Reader Julie R. asked:
I have educational expenses that are allowable under IRS tax regulations, but can’t for the life of me figure out where to list them on Schedule C. Could you tell me which line they go on?
Education expenses are, indeed, deductible or are eligible for an Education Credit.
For the purposes of answering the question as it was perceived to be asked, we will assume the education expenses are for the owner of the business, and are NOT necessary to achieve the minimum requirements for the position for which the education expenses were incurred.
Education expenses. … You can also deduct the cost of your own education (including certain related travel) related to your trade or business. You must be able to show the education maintains or improves skills required in your trade or business, or that it is required by law or regulations, for keeping your license to practice, status, or job. For example, an attorney can deduct the cost of attending Continuing Legal Education (CLE) classes that are required by the state bar association to maintain his or her license to practice law.
Education expenses you incur to meet the minimum requirements of your present trade or business, or those that qualify you for a new trade or business, are not deductible. This is true even if the education maintains or improves skills presently required in your business.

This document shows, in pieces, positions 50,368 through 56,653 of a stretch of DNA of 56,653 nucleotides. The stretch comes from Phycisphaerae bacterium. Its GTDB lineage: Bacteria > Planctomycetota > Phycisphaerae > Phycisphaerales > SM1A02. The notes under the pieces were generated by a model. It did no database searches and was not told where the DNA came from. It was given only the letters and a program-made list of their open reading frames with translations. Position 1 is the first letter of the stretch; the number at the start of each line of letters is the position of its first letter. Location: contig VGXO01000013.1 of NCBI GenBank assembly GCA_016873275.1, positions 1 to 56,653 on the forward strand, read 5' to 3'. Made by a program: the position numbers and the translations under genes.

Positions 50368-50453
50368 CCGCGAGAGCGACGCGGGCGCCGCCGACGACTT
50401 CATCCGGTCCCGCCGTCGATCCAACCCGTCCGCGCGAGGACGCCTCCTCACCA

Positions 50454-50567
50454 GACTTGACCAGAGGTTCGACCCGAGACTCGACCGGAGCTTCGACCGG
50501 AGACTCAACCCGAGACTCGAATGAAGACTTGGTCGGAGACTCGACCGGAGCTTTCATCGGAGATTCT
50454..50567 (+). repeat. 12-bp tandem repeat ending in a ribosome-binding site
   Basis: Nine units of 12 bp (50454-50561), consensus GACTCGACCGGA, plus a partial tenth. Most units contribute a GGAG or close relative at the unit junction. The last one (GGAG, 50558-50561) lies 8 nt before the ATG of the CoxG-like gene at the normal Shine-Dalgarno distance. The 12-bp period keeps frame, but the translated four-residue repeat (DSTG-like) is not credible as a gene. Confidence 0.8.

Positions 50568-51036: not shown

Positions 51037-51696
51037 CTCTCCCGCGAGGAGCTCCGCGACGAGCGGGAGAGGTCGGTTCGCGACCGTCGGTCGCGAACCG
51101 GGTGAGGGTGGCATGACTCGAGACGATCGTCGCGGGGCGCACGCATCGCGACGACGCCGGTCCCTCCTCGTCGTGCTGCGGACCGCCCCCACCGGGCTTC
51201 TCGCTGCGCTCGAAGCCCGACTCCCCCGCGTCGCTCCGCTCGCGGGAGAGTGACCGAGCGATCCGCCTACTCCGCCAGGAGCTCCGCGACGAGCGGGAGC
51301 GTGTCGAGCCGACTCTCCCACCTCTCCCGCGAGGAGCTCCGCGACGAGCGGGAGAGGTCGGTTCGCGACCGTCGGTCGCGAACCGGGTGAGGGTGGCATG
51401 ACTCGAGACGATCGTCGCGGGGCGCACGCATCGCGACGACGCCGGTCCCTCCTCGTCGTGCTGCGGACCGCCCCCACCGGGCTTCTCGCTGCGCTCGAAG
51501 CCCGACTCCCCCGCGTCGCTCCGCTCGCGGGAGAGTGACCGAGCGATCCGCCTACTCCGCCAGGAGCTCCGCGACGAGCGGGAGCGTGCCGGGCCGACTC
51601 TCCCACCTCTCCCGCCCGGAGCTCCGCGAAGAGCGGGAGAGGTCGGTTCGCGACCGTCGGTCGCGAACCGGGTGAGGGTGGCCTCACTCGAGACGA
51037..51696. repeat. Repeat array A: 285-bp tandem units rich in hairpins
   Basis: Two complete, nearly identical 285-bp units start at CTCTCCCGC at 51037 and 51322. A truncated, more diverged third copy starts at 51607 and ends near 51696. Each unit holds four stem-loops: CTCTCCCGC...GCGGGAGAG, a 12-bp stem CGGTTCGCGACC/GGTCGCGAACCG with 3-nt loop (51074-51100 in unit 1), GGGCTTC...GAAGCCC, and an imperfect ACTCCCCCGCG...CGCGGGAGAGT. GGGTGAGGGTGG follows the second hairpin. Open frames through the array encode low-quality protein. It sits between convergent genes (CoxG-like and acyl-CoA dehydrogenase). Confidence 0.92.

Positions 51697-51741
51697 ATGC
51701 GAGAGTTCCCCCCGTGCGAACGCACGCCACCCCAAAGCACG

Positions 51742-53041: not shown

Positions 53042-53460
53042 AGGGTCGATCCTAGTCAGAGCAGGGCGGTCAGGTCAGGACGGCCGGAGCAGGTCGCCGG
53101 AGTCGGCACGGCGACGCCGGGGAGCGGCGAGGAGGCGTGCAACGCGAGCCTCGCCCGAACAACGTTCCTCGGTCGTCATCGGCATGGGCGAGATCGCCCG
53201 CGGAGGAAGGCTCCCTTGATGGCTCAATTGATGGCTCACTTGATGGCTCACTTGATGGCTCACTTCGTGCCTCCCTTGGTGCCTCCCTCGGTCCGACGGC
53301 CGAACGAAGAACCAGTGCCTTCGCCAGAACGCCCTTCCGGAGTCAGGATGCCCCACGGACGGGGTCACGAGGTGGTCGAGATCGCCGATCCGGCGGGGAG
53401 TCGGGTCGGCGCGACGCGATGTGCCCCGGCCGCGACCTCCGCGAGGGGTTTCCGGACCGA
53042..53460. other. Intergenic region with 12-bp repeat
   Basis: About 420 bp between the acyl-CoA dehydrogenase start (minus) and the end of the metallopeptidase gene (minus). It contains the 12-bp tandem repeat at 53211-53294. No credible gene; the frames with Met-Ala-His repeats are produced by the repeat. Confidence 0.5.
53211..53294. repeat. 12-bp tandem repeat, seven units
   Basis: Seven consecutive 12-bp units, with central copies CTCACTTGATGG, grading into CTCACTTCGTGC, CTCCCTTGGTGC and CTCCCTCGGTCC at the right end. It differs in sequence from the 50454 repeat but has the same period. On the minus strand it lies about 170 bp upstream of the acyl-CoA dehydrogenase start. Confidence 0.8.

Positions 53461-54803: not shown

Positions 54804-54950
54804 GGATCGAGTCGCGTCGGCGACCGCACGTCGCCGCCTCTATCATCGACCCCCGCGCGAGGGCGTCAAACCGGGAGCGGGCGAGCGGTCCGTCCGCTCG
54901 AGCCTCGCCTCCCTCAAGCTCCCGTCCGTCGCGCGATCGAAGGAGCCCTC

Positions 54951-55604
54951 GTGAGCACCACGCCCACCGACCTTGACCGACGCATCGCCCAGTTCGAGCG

Continuing Professional Education expenses are frequently placed on line 10 (Commission and Fees). These amounts paid for CPE could also be placed on line 17 (Legal and Professional Fees). If the taxpayer wants to completely segregate education expenses, they could be listed on Part V (Other Expenses).
If the education expenses were incurred for one or more employees, then the costs are most correctly listed on line 14 (Employee Benefit Programs).
If the education expenses are for the owner and they are to gain the proper credentials to perform the services of the business, then see IRS Publication 970, Tax Benefits for Education.
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Glenna Mae Hendricks. She is an entrepreneur and income tax consultant, so we get lots of good tax tips from her. She is an oenophile (“look that up in your Funk and Wagnall’s,” she says), and a wine enjoyment teacher/guide who also writes wine notes at the Allen’s Retail Liquors site. Her political thoughts (and occasional outbursts of domesticity) appear at Old Feminist and Wild-eyed Liberal.